Dr. Abdullah and the Return of the Ousted

Ever since being dropped from president Karzai’s cabinet as a result of the 2004 reshuffle, former Afghan minister of foreign affairs Dr. Abdullah has been uncharacteristically acquiescent. Uncharacteristically, I say, given the context of Afghanistan and third world politics. Usually in these settings such high profile dropouts are problematic, and the fact that Dr. Abdullah (and likewise his comrade in arms Marshall Fahim) have proved unwilling (or unable) to be more vocal or active in their opposition to the government only bears good tiding for the country, and bodes well for its political future.

Whether by the force of the circumstances (read American military force) or by the dictate of their own good senses, those who have been sidelined by president Karzai have chosen to abandon the age-old cycle of Afghan politics, and have actually stayed on the sidelines. Further, thanks to president Karzai’s famous personal distaste for sidelining others and his open embrace of assorted rivals and revolutionaries, including not a few undesirables, there are not many who have lost out, thus the absence of a ‘critical mass’ of powerful losers who could turn on the government. (Of course here we are talking about those in the broadly defined political mainstream of Afghanistan, and not the Taliban or those associated with Hekmatyar.)

That is, until recently. The formation of the United National Front (UNF) is a clear sign that those on the sidelines would like to be part of the action. Similarly, Dr. Abdullah Abdullah, whose name has not been explicitly mentioned as part of the UNF line-up, has been making pronouncements about the state of Afghan affairs as of late. In fact, in a recent interview Dr. Abdullah raised important and barely veiled concerns about the current government’s performance, the “deteriorating security situation in an ethnically diverse country,” and what he called the government’s “shortcomings in strategic vision.” (Though when asked what he meant by lack of strategic vision, the answer was a muddled tautological mess.)

The recent surge in criticism and political posturing, coincide as it does with the rising tide of insecurity and other travails for the government, goes to show that the initial acquiescence of those who were ousted and marginalized, though partly inevitable in the face of American backing of the Karzai administration, has also been due in part to the fact that the government of Afghanistan was going through its probationary period. Now that its mettle has been tested, and by many an observer’s standards, it has not passed the test, the marginalized few see a clear opportunity in criticizing the government and posturing as an alternative leadership.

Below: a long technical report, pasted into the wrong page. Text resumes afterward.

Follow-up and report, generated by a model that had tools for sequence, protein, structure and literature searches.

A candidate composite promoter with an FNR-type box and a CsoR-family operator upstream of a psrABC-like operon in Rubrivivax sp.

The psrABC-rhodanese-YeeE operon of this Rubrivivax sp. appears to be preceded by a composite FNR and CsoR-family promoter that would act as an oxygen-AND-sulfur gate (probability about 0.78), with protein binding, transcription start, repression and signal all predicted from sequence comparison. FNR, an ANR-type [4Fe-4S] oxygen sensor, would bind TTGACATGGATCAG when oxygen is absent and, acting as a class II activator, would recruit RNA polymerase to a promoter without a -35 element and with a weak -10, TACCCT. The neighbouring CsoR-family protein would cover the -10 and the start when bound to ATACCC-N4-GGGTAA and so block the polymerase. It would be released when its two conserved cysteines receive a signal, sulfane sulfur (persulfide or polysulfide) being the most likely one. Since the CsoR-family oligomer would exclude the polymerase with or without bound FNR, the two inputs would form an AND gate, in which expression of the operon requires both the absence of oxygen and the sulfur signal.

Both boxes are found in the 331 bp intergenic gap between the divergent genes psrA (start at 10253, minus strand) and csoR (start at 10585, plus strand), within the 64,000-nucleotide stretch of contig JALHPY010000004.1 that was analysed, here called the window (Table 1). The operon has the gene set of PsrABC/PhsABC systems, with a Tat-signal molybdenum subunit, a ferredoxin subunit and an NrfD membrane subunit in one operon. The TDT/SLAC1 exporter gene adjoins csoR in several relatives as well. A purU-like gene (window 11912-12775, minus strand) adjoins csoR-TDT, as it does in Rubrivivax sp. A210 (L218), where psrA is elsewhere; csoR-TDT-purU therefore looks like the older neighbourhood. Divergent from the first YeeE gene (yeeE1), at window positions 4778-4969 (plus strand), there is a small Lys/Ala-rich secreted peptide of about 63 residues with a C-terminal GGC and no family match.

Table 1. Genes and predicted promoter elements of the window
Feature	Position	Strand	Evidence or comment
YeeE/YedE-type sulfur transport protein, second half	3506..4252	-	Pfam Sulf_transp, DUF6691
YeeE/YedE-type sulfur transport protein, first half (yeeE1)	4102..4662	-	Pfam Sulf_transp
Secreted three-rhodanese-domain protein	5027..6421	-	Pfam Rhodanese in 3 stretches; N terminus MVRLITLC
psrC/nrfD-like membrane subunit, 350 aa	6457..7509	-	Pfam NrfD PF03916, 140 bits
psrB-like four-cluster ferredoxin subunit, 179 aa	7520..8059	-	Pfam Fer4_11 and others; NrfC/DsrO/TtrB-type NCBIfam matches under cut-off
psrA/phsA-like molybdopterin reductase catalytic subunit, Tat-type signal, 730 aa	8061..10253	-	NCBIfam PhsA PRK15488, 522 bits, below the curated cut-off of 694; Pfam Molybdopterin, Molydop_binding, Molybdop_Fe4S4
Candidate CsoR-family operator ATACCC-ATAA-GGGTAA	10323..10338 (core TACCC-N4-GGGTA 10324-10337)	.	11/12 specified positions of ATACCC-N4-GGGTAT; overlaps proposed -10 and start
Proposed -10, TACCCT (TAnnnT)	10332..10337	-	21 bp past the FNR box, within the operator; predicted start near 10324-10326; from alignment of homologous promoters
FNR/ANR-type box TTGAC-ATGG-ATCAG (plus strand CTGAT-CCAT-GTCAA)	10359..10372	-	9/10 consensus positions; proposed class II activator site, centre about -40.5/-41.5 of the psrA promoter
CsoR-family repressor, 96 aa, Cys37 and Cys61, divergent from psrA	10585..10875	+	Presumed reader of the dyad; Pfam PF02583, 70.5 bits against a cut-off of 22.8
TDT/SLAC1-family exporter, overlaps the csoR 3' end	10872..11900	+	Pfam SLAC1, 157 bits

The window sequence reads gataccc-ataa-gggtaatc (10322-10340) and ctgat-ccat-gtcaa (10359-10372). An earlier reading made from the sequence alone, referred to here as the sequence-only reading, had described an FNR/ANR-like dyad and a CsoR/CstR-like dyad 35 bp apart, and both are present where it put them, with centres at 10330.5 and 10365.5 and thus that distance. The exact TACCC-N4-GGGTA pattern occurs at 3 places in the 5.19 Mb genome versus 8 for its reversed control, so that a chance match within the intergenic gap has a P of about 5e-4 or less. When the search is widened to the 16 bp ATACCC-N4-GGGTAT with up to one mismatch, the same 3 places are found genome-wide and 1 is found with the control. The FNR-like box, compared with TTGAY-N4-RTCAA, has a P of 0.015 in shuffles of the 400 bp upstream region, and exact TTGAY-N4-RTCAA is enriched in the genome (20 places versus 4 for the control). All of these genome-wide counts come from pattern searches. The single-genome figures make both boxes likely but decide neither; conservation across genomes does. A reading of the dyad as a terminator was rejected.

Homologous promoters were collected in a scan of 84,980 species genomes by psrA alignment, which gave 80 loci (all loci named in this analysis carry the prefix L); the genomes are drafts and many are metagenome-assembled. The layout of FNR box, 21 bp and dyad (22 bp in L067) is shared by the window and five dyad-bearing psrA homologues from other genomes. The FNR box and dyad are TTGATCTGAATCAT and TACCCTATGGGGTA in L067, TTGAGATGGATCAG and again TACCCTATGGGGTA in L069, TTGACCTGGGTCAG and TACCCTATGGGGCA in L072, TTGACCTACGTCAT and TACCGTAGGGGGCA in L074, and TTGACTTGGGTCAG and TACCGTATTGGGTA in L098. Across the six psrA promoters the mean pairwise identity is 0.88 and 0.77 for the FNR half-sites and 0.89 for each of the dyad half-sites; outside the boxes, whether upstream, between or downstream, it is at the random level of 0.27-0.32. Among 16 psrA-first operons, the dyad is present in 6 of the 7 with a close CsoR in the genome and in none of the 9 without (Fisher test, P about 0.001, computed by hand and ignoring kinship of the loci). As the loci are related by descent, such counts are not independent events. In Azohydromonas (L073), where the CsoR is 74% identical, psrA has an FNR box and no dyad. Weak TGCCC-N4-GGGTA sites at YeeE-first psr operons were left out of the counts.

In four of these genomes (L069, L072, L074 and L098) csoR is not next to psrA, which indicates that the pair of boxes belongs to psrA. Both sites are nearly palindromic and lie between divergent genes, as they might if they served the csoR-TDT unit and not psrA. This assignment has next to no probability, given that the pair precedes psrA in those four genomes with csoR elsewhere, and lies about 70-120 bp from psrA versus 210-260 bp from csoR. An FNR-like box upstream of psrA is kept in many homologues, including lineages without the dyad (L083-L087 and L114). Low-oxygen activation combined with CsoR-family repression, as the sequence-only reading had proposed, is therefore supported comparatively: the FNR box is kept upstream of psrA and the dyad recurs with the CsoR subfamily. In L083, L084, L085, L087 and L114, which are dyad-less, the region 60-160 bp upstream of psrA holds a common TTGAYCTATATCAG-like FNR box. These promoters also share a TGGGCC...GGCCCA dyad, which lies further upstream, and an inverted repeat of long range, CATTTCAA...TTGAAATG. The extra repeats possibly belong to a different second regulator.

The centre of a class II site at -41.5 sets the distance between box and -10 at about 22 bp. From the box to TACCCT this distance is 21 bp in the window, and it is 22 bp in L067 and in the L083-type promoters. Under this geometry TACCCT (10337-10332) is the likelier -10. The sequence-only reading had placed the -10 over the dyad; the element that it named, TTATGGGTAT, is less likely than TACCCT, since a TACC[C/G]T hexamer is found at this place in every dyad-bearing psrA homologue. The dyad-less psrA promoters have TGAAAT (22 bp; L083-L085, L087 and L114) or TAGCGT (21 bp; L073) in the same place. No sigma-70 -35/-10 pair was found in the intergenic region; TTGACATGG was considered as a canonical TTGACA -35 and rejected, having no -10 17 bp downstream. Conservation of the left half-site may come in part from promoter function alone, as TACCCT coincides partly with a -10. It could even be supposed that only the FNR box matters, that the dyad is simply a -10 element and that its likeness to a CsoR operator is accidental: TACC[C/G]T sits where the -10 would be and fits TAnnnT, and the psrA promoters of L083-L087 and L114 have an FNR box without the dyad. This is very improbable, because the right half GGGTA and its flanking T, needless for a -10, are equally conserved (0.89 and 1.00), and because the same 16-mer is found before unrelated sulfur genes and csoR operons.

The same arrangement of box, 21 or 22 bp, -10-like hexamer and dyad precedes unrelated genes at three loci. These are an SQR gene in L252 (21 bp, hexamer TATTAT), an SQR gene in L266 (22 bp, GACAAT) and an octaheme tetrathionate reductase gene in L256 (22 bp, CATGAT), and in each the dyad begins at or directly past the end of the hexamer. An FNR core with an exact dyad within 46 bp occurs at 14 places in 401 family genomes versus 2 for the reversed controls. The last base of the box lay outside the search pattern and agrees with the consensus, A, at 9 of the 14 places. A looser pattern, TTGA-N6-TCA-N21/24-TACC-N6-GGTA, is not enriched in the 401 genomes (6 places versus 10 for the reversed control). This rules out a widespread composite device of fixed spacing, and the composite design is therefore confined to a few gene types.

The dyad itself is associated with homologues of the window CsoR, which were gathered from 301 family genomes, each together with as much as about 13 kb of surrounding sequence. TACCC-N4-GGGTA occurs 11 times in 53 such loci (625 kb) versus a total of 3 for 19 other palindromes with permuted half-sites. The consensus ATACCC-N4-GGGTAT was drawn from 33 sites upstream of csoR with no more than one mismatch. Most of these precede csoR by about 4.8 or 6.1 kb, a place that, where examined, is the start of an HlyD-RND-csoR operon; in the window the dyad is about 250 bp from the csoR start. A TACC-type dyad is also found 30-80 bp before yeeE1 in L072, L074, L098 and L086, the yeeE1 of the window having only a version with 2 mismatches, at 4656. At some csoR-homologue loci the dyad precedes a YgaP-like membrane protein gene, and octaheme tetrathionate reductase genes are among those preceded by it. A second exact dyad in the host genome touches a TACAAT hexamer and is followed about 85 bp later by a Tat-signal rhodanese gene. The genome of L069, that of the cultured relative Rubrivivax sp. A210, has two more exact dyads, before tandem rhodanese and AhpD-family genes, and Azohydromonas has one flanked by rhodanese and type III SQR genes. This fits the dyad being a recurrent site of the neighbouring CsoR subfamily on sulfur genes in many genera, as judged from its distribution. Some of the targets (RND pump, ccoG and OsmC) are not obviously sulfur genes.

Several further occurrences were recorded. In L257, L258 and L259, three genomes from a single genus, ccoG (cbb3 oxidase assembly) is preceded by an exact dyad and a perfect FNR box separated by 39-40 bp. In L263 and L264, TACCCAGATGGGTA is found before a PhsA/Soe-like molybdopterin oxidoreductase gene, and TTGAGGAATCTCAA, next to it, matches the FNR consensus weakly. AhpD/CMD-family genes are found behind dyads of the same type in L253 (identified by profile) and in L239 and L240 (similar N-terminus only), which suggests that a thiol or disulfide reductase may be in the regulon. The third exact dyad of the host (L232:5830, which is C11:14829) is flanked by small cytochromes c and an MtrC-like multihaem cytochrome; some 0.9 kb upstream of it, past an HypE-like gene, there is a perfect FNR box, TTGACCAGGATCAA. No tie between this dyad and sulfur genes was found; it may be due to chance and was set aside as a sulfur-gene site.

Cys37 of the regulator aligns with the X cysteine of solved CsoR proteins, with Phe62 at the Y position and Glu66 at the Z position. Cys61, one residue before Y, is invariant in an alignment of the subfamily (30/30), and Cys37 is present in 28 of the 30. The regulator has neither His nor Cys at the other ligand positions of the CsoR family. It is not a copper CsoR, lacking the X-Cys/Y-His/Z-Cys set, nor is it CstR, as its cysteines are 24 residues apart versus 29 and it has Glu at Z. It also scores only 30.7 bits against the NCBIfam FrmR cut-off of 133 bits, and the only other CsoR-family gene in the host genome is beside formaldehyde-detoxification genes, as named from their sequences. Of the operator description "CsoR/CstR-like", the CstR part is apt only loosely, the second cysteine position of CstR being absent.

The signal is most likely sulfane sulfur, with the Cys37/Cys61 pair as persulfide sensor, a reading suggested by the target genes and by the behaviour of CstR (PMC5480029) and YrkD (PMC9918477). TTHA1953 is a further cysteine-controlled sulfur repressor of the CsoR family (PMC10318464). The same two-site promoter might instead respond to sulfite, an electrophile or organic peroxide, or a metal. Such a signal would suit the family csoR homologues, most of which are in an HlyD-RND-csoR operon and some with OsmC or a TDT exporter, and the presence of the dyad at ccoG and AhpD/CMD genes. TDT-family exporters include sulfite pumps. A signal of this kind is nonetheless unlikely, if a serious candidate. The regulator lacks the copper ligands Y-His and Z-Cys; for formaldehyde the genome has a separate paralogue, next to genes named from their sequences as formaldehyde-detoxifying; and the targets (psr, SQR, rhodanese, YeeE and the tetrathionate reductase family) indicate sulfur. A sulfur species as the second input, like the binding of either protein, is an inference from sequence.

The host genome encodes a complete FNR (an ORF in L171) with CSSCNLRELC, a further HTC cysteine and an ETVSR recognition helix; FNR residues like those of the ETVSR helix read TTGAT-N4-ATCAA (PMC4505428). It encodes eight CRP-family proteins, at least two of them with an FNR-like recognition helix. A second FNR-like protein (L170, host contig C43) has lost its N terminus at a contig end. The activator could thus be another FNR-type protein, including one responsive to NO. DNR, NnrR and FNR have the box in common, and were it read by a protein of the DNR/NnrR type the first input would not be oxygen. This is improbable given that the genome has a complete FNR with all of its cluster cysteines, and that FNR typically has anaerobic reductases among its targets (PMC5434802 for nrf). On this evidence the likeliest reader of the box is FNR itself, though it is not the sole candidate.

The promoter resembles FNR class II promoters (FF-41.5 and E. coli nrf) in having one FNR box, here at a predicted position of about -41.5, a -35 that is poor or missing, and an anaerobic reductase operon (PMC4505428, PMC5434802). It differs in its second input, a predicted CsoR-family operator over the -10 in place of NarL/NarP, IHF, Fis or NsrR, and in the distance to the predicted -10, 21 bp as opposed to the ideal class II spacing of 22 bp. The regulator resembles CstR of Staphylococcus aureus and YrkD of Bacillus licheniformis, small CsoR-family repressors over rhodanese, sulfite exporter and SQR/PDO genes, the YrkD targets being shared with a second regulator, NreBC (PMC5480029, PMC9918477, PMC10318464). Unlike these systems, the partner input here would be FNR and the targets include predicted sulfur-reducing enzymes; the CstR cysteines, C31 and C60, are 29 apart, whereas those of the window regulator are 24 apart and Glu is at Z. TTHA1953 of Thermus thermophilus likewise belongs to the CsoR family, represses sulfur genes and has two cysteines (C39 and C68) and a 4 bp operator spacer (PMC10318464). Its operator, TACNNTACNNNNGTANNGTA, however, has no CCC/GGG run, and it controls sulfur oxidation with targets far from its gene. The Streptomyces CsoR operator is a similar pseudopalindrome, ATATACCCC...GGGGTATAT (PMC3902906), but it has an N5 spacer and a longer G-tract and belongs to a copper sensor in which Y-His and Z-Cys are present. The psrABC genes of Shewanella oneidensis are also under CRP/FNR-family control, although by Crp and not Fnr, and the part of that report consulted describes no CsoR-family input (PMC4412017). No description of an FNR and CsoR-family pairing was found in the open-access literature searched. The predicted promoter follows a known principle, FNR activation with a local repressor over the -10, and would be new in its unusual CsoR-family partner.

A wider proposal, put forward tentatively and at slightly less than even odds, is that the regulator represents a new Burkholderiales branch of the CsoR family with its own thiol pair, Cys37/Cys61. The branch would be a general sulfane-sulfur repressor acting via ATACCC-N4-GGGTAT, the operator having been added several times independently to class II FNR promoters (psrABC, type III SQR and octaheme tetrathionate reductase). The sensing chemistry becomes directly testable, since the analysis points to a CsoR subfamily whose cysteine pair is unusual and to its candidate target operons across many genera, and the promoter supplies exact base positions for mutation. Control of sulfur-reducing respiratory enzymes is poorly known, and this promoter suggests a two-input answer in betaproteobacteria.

If these lines read like an accusation of opportunism, they are not. Quite the contrary: this is a welcome note.

Concerted political opposition is one of the few mechanisms by which democratic governments are held accountable. Even if election season is still far away; even if the current government has the wholesome political, military, and economic backing of the world’s sole hyper-power (and the few who are reluctantly going along, mainly to save face); even if political parties are so nascent in Afghanistan that they have not a hope or a prayer of winning nation-wide, cross-ethnic elections anytime soon; and even if there are far too many bad memories attached to the names of those who currently pose as alternatives; even so, the mere consciousness of an alternative, and a political opposition increases the ‘supply’ in the ‘marketplace’ that is a democratic polity, and is bound to have a positive impact on the government’s performance. This is why political opposition -granted that it remains in the mainstream of national political discourse, eschews extremism, and does not resort to violence- is indispensable to the democratic process in Afghanistan and should be welcomed. This is also the spirit, incidentally, in which the criticisms put forth by the UNF leadership and by Dr. Abdullah more recently have to be used by the government as a laundry-list of its own failings to be addressed.

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